The Power of Words

Written by Pamela Carvell, January 2018.

In a month when there have been two much-publicised cases of people being offended by the use of one word towards them, it raises the question of ‘does one word really matter?’.  I am referring to the female passenger on Virgin Trains who objected to being called ‘honey’ by a member of staff when she was complaining about seat allocations on the train and Will Young being called a ‘poofter’ by a London bus driver. Research from 1967 by Dr Albert Mehrabian is still universally quoted, whether by business consultants, body language experts or lifestyle magazines, when assessing the impact that words have in any communication. He concluded that words contributed a mere 7% to the communication, with tone of voice accounting for 38% and non-verbal communication (i.e. facial expression and body language) 55%. Surprisingly there are no more recent studies, as even Mehrabian himself says that the percentages are only relevant if there is incongruence in the communication i.e. you don’t really mean what you are saying. And, only if there is no existing relationship between the 2 parties! Furthermore, his sample was in no way a representative one, comprising solely 30 female undergraduates! However, percentages aside, it is generally accepted that words are the least impactful part of a communication. This begs the question, as to why do we then get offended by the words that someone uses towards us? Do the words really matter, or when we complain about the words, is it really the words that are bothering us, or the way they were delivered? You can ask the same question about cyber-bullies, who make threats solely in words, and solely on-line. Interestingly, some reaction to the above two cases, including the initial response from Virgin, suggested that there is nothing whatsoever wrong in being called honey or pet, and they are really terms of endearment.

I am of the generation that was brought up believing that ‘sticks and stones may break my bones, but nicknames never hurt me’. Physically words can not harm you, but neurologically they can, as your reaction to them may harm you emotionally. Many of us can choose not to let a negative reaction occur in ourselves if someone says something hurtful, critical or threatening to us. But in many people a reaction is triggered that they feel helpless in dealing with. This will often have been caused by historical incidents and will be deeply engrained in the brain. Abusive words that we experience as a child have a particularly deep impact, especially if they come from someone we look up to or respect, such as a parent or teacher. If, as a six year old your teacher humiliated you in front of the class i.e. all your friends, by telling you that you were an idiot who would never amount to anything, those words and that experience may stay with you for life. Someone, even jokingly, telling you as an adult that you are an idiot will bring those historical feelings of hurt, humiliation & low self-esteem to the front of your mind again.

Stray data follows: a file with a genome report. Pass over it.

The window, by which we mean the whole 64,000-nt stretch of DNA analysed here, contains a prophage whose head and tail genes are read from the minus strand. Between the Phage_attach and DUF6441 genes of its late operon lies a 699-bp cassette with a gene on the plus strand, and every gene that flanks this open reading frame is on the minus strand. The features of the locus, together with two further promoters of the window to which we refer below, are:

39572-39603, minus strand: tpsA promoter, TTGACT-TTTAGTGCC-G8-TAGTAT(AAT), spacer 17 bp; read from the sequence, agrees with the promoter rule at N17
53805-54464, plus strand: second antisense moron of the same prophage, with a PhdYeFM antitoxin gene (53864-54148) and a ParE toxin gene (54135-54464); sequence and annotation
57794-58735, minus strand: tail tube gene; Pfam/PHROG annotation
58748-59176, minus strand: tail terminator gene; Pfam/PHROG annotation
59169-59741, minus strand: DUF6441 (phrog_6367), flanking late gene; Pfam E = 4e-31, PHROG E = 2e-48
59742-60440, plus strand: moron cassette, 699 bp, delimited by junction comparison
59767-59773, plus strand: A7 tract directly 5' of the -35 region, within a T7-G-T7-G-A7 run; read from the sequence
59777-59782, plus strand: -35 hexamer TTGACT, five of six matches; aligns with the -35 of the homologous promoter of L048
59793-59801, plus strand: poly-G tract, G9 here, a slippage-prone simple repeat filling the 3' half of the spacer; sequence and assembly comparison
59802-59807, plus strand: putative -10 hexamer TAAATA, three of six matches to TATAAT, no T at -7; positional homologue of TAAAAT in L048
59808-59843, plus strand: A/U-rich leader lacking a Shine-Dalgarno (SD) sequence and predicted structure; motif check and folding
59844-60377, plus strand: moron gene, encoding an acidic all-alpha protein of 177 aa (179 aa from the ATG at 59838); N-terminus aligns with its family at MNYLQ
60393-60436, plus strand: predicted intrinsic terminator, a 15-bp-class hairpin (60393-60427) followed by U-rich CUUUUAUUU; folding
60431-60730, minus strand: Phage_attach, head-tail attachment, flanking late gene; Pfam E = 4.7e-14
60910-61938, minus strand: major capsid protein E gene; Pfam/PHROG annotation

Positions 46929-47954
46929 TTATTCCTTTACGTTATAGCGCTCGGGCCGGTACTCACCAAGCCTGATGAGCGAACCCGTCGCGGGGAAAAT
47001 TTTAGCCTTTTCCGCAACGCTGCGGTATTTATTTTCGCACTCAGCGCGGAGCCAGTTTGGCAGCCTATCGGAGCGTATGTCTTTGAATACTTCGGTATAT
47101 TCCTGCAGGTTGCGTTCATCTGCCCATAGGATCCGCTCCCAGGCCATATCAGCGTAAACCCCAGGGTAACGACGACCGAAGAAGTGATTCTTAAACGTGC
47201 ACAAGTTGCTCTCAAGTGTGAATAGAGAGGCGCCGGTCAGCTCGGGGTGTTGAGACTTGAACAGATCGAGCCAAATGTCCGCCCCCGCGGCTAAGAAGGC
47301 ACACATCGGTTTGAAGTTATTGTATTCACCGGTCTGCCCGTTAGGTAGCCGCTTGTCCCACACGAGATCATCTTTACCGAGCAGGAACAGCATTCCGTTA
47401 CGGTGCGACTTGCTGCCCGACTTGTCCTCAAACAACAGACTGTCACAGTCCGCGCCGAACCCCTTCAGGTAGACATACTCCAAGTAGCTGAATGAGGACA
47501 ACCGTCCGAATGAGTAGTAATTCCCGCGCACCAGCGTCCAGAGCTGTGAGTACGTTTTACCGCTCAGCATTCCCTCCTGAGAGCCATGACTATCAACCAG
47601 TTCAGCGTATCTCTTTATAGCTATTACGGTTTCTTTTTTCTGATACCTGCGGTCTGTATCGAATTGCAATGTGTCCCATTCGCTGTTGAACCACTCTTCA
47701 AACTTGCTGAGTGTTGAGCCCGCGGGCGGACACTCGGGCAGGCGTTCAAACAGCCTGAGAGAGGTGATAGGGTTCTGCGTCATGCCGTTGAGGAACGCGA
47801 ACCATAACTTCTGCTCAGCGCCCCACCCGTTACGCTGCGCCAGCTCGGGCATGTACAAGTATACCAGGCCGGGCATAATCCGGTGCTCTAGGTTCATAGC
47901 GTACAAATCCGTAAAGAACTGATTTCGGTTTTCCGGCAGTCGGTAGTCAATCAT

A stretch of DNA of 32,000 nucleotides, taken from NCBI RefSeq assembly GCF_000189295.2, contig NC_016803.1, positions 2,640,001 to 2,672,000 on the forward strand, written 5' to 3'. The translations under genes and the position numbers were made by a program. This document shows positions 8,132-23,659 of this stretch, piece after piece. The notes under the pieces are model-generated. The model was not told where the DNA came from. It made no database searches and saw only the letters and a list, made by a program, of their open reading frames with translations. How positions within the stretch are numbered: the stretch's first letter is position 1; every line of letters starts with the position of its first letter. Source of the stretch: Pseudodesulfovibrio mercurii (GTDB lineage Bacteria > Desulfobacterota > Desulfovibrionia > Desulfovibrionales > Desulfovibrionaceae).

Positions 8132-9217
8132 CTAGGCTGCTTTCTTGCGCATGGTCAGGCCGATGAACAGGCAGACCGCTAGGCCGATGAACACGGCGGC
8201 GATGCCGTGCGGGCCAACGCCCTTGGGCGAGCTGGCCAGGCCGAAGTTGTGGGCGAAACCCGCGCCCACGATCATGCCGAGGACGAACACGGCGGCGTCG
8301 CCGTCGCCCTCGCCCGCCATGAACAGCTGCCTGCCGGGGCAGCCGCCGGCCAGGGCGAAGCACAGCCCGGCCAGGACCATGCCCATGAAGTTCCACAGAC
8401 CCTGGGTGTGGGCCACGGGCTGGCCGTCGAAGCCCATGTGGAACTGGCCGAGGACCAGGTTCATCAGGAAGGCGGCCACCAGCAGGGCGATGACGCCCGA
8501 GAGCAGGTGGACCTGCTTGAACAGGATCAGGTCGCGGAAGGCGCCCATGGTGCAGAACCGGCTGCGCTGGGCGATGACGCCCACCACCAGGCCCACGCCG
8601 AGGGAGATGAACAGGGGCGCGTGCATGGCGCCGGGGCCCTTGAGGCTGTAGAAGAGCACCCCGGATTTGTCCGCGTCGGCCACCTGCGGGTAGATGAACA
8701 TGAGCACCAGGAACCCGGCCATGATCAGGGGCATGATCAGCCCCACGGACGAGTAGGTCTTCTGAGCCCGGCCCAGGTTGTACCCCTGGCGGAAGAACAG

This all raises the question, if the person talking doesn’t mean any offense, who is to blame if the recipient takes offense, and is the talker actually being offensive?

Deconstructing a Communication

It is currently the ‘in’ thing for chefs to deconstruct dishes, so I’d like to deconstruct a simple communication between 2 people, consisting of just one word.

Before you say something, you have to think it. That is how the human brain works. And our thoughts are affected by our previous experiences and current situation.

As you say something, you continue to think. And those thoughts may be visual (pictures), auditory (sounds) or Kinaesthetic (feelings), or a mixture of all three, a bit like a video.

As you say something, your thoughts will influence the tone of voice, facial expressions and body language that you use. Those thoughts may be about the other person and what you are saying, or you may be distracted in your thoughts by something that has happened or is going to happen in your life, or even simply in your mind.

The word you say automatically triggers a ‘thinking’ reaction in the other person. Those thoughts may be visual, auditory or kinaesthetic, or all three. If you are face to face it is important to see that reaction.

Their reaction to the word you say, may not be so much about you and you saying it, but rather the thoughts and feelings it produces in them.

You observe and interpret that reaction.

Thus there is lots of room for miscommunication or misunderstandings.